Saturday, April 22, 2017
Extremity #1 Review
"Extremity" #1 from Image Comics -
The Roto are beaten, but unbroken. Thea is the daughter of the Abba (leader), the mighty Jerome. Before the vile Paznina people attacked, she was her clan's greatest artist. Her hand could translate onto paper whatever her mind could imagine. Now, after the merciless Paznina raid, her hand is gone, and her imagination only brings her images of the horror of that fateful and day...And images of her coming day of vengeance. Under the watchful eye and fearful leadership of Jerome, the Roto have hatched a brutal plan to take revenge upon the Paznina, and it all hinges upon Thea's courage and thirst for blood. They killed her mother. They took her hand. They took her ability to create art, to express the inner beauty of her soul. They raped her people. If Thea gets her way, Paznina blood will flow - rivers of it.
Daniel Warren Johnson pulls triple duty (creator, writer, artist) on this post-apocalyptic sci-fi- gore-fest, "Extremity" #1. In "Extremity," Johnson is doing what all great artists do, exploring his deepest fears through his art, and examining some tough and very interesting questions. The title, "Extremity" not only alludes to the part of the body that Thea has lost, but it also foreshadows to the lengths that she will go to in order to recover her personal power, to reclaim that which was taken from her, to restore a perceived balance that the Paznina destroyed when they killed her mother and took her hand. Like Johnson, the protagonist, Thea, is an amazing artist. Johnson explores his fears of losing that part of his identity through Thea's loss of her hand, and he creates a world in which his fear can grow into an anger, a thirst for vengeance that forms a huge part of Thea's character. And in Johnson's world, someone is responsible for Thea's/Johnson's loss - there is someone who has to pay. What happens when someone loses that which is a defining part of their identity? They become someone, or something else. We associate artists with beauty, liberality - in our society, if we are honest, we associate creativity with sensitivity, softness, what we perceive to be the feminine side of our human nature. When Thea's hand is taken, a part of her dies, and she takes on a new identity, one with very few of those artistic, feminine attributes. It seems that Johnson is posing the question, "Is our identity intrinsic, or is it shaped by environmental causes?" - nature vs. nurture. How can Thea restore balance through vengeance? After all is said and done, she will never have her hand, nor her mother, ever again. Can the void inside Thea be filled with retribution? I cannot wait to see how Johnson handles these questions. Besides this, Johnson's art is amazing - his pencils have shades of the intricacy of Moebius' and Darrow's. Every panel is maximized, busy, full and totally dynamic. Every character is distinct, every face is expressive, every bit of battle is superbly, gorily and explosively rendered. In short, Johnson' got skills. REAL skills. Extremity" is a winner. I dig it.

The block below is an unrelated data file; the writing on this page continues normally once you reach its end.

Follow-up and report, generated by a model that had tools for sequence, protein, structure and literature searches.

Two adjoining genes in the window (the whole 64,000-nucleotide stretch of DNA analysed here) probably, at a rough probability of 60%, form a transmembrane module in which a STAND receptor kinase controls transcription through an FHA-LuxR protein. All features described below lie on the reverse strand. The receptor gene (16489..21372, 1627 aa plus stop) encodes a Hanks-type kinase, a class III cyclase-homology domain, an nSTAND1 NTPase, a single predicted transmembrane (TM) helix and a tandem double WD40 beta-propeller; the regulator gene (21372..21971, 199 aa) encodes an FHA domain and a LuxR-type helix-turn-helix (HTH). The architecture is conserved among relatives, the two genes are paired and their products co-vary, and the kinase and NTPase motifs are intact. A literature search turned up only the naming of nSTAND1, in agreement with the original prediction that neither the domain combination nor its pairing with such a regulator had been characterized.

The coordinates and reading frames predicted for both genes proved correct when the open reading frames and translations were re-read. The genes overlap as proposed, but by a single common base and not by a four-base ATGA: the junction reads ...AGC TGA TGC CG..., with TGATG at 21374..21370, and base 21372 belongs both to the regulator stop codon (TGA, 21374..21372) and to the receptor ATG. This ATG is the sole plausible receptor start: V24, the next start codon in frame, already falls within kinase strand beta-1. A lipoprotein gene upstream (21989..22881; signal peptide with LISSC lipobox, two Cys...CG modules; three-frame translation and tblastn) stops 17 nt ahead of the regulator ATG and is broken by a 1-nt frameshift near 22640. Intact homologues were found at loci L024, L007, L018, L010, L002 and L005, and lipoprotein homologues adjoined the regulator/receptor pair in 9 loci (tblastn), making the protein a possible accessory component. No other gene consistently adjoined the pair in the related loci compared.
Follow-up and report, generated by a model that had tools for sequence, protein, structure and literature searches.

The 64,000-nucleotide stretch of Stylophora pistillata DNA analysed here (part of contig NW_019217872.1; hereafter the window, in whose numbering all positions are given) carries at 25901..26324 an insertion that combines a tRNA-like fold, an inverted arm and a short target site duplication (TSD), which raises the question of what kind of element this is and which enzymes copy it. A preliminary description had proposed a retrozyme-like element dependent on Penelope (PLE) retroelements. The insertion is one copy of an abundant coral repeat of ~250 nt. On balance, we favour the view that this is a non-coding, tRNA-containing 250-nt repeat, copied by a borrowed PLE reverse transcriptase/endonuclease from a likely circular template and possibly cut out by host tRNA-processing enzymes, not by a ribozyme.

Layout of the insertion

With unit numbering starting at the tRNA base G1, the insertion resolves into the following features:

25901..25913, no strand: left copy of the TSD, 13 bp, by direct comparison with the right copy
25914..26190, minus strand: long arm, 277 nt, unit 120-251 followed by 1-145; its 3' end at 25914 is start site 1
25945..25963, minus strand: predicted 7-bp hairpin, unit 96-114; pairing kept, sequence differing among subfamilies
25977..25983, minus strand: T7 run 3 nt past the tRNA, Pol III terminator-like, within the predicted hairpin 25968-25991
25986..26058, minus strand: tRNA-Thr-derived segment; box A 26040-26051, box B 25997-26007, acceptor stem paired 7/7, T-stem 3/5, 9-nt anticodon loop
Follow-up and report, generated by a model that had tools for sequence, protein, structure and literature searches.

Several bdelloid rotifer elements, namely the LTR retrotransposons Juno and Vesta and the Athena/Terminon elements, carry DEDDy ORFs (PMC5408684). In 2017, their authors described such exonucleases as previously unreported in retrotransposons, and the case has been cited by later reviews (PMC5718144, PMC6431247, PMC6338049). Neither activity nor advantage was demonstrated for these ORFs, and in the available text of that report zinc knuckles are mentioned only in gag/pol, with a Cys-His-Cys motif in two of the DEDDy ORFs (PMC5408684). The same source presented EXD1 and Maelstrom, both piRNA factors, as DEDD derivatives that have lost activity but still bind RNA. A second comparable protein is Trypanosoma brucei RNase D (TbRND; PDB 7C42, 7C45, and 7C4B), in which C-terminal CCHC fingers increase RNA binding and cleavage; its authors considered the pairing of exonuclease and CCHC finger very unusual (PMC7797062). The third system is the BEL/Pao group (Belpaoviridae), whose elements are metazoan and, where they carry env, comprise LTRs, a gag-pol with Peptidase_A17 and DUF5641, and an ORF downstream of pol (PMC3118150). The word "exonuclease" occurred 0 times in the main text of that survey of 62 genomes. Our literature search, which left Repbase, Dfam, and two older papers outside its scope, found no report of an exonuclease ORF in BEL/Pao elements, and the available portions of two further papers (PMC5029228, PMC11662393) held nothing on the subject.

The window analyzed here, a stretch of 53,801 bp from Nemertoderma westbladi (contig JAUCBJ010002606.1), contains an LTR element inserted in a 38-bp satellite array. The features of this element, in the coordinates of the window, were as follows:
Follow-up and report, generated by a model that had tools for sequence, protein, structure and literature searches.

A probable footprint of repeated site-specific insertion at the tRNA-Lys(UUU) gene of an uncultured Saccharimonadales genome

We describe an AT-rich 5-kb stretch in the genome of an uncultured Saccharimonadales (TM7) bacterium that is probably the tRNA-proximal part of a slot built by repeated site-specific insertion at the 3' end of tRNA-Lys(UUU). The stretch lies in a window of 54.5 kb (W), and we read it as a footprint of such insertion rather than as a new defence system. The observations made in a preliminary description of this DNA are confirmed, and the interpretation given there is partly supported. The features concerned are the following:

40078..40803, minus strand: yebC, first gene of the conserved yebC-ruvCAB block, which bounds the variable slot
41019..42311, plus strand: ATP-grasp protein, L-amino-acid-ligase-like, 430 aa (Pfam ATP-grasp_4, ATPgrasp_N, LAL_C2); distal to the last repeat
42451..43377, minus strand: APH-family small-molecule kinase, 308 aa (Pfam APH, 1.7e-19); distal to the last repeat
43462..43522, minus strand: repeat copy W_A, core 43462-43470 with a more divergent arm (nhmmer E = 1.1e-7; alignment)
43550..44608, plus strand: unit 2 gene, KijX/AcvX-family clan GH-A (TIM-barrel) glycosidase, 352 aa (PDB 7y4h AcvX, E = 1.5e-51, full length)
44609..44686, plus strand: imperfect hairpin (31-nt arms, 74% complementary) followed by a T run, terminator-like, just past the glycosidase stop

RATING: 9.5 out of 10. Love it.
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